According to a study published Thursday in Science, corals that live in cooler seas can be helped by their relatives in warmer environments to survive the high temperatures global warming may bring.
Researchers learned that the two types of corals can be crossbred and the heat-resistant genes can be inherited by corals normally thriving in cool waters.
Biologists from the University of Texas in Austin and Australian Institute of Marine Science performed a series of tests on warm water-loving corals from Australia’s Great Barrier Reef and their cousins living 310 miles south, in cooler waters.
The U.S. and Australian study could help conservationists crossbreed the corals to help those living in cooler climates survive the challenges climate change may bring. The team also found that coral larvae living in northern parts where waters are already warmer by 67.6 degrees F (2 degrees C) are ten times more resilient to heat stress than those living in the south.
After crossbreeding, Acropora millepora coral larvae, which thrive in the Pacific and Indian Ocean, showed a “significantly” higher resistance to heat than other species living in cooler waters.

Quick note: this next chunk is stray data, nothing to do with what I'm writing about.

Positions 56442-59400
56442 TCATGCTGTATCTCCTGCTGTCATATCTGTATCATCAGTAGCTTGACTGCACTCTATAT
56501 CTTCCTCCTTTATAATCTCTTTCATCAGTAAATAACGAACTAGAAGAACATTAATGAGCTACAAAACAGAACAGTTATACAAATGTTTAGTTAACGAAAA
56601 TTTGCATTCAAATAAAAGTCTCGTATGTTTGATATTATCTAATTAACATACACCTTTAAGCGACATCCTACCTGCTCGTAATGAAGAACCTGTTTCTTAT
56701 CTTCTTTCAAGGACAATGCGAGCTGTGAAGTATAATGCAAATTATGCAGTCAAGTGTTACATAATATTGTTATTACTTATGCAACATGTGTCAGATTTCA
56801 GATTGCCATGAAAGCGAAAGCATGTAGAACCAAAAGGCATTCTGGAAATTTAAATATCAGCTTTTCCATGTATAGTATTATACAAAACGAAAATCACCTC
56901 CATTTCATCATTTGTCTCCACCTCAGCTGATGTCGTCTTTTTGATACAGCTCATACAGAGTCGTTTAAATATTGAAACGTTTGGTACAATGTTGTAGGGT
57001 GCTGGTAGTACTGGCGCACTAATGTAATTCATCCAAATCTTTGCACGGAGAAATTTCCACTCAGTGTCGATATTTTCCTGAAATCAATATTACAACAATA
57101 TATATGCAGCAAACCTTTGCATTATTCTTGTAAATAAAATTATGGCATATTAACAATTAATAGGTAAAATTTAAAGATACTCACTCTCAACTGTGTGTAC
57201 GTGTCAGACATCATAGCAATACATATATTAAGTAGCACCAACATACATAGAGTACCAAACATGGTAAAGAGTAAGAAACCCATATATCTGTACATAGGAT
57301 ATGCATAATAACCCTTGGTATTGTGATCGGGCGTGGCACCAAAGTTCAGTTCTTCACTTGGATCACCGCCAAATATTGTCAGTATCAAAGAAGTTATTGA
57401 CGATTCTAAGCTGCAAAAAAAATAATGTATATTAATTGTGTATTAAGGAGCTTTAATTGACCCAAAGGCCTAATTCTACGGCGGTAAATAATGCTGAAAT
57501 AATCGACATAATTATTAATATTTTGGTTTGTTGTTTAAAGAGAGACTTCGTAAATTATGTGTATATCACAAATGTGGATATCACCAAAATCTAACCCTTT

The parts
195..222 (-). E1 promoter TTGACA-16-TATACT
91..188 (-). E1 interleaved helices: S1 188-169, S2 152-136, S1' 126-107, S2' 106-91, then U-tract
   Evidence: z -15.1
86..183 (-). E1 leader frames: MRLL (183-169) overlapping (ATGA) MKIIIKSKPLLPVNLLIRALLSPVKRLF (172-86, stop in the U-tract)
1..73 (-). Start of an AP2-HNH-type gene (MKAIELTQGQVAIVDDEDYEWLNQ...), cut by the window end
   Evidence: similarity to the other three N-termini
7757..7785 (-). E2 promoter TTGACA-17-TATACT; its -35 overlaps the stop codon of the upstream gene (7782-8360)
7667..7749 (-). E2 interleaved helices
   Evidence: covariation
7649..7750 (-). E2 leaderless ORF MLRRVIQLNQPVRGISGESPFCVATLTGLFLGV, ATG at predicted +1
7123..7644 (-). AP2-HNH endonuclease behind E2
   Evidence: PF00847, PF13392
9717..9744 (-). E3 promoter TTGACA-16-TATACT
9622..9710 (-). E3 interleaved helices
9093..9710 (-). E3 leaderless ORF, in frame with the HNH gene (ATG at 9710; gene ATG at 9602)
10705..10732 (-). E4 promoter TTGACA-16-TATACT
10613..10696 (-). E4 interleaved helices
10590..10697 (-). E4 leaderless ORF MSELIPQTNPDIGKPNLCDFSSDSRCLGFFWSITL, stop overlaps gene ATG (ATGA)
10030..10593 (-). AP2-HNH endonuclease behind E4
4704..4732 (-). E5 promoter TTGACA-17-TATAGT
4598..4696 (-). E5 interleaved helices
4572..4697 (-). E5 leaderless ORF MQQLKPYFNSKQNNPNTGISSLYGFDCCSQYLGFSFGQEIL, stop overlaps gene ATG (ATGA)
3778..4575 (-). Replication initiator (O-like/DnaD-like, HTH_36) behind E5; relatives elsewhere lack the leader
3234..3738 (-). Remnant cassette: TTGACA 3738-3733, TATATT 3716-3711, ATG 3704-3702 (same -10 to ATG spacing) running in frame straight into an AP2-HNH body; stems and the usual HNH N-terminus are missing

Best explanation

But on coral survival depend other sea animals as well. For instance, coral reefs are used by fish to lay their eggs and raise their offspring. Moreover, coral reefs are a major tourist attraction and an important source of income for the nearby countries.
Dr. Mikhail Matz from the University of Texas at Austin and co-author of the research disclosed that the best method to crossbreed the two species of corals was to transplant adult corals and allow them to breed with natural corals in a reef.
But warmer temperatures are not the only problem corals currently face. Last year, the United Nations reported that corals were in danger because acidification of the oceans and pollution as well. According to the U.N. report, the Arctic and warm water corals displayed “irreversible damage” in the wake of global warming.
Line Bay, one of the Australian researchers involved in the study, disclosed that the heat-resistant gene that can be passed from one coral species to another was not a “silver bullet” which could solve all the problems corals currently face.
The recent study is a small part of a larger effort of relocating plants and animals to protect them from climate change and high temperatures. But the practice had been highly criticized because in the process animals and plants can bring diseases to their new home and disrupt the local ecological balance.
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